Hello, my name is Ashleigh Blok, and I am from Strathtulloh, Victoria. I graduated from Monash University and worked as a Mental Health Nurse for 6 years until my disability rendered me unable to work. I am a crazy cat lady with a dual citizenship with the Netherlands and avid Richmond Tigers supporter.  So when I was 23 I was diagnosed with schizoaffective disorder and PTSD.

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Schizoaffective Disorder

Schizoaffective disorder is a mental illness that combines both symptoms of schizophrenia such as hallucination, delusions and thought disorder with a mood component such as mania and/or depression. 

My treatment

Although my treatment regime, which was a combination of therapy and medication, began at the age of 23, reflectively my symptoms began between the ages of 14-16. My treatment had also included over 20 public acute psychiatric admissions, two PARC admissions and case management from Youth and adult psychiatric clinics. My treatment will be lifelong.

The complications and dangers

The complications from my illnesses have caused me to have to give away paid work and rely on the disability pension. For 3 years I had to live in supported accommodation which was very dangerous and infact exacerbated my illness as I was living amongst drug addicts, sex offenders, paedophiles, violent offenders and at times had to physically fight to protect myself.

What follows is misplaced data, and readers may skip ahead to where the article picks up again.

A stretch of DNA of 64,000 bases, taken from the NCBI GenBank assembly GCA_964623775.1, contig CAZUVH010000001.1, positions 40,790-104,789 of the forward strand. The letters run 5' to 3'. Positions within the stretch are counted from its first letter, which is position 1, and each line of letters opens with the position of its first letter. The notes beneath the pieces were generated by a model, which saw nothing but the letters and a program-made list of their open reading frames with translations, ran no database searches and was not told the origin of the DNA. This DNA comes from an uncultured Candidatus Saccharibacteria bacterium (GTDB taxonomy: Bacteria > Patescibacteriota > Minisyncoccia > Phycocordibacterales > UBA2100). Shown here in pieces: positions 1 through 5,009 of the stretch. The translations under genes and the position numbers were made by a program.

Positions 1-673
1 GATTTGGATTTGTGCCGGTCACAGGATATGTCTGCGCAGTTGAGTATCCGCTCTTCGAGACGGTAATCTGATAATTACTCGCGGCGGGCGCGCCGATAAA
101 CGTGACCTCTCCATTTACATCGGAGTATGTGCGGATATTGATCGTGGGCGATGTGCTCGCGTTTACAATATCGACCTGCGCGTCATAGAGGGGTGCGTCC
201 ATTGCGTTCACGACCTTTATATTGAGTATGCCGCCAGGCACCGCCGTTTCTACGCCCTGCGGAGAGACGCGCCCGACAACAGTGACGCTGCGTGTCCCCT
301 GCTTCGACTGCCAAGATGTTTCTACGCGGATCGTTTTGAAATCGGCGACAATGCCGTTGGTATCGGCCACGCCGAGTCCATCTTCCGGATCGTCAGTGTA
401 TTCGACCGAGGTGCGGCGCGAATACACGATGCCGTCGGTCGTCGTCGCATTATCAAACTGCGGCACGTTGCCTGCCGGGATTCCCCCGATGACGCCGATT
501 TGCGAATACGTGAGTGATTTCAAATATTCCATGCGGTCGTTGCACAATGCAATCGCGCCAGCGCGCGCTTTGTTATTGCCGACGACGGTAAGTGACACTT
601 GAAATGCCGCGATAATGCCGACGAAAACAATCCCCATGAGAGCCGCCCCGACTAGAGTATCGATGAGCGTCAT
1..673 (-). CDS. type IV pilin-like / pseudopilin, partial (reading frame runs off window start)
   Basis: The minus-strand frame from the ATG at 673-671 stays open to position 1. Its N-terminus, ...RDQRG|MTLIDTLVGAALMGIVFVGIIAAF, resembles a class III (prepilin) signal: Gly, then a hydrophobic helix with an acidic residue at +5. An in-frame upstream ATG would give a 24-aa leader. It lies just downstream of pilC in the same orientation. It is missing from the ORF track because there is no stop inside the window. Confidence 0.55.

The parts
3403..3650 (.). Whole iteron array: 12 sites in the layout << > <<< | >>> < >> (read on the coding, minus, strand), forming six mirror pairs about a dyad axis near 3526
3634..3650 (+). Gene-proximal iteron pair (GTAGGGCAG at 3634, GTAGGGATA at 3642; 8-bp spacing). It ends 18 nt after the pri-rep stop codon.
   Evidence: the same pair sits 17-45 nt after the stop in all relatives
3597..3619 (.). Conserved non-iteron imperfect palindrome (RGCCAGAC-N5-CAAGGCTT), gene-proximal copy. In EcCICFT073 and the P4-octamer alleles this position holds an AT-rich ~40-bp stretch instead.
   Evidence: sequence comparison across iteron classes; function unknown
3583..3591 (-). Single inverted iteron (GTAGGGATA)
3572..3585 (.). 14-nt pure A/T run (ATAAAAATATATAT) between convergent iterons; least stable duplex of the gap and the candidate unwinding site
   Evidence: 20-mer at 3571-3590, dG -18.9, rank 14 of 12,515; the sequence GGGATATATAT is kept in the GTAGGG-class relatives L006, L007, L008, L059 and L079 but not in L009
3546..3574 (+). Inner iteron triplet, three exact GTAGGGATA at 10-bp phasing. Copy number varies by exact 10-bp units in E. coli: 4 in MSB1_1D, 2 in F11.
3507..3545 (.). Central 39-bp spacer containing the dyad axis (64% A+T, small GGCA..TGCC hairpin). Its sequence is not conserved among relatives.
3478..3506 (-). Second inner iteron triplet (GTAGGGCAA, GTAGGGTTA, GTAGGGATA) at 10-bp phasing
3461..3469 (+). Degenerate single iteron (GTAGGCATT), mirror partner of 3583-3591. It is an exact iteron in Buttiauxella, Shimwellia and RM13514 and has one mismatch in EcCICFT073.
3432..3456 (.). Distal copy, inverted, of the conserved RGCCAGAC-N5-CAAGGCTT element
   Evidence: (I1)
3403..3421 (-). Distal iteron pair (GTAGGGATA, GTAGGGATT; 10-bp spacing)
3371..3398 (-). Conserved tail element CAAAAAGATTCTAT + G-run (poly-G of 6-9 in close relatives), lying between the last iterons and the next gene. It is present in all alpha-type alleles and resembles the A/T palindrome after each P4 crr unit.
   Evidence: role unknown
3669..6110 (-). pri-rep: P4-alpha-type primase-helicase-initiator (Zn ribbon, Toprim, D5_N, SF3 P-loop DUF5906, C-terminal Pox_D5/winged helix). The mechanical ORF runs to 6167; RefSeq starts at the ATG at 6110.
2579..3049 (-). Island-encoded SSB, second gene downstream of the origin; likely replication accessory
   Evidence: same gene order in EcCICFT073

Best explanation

The bleak feeling in my recovery came when I was unable to afford safe accommodation and unfortunately once you live in social housing or supported accommodation due to the reputation of the typical person who would live in there it made it very difficult for my partner and I to find suitable accommodation. But perseverance and the pandemic actually helped us and we finally have our 4 bedroom home with our two cats (working on adding to my cat collection).

What I’ve learnt

I have learnt that I am tougher than I thought, and there are many charitable services out there when you are stuck to help with accommodation, gift cards, therapeutic services including yoga, and also community houses to join in activities with other like minded people often in similar circumstances.

A message to those who cared for me

For the teams involved in my care, I want to thank them for not giving up on me and for the help and encouragement I have received. I also thank those who picked me up and helped me in really critical times such as when in an episode but also homelessness and isolation.

Please speak to someone if you need help, reach out, and don’t be deterred if the first person you speak to isn’t helpful there are many others out there and you must take that initiative to find someone who can help you better as you are important and deserve to have your needs met. After my first hospital admissions, my perspective did change and I felt I was able to assist patients more effectively because I knew how it felt to be on the other side.

I encourage nurses to really delve into a psychiatric patients history with childhood issues and family dynamics, and what is going on presently. And also be interested in their long term goals. Help them to even come up with more or new goals.

I actually once had a case manager that was a social worker make fun of me to my fiance, to tell him ‘oh here she goes again everyone is after her’.

What the patient is going through is not a joke and is real for them, please do not minimise their feelings.

Psychosis is real.

If you have a story to share please get in touch by emailing hello@thenursebreak.org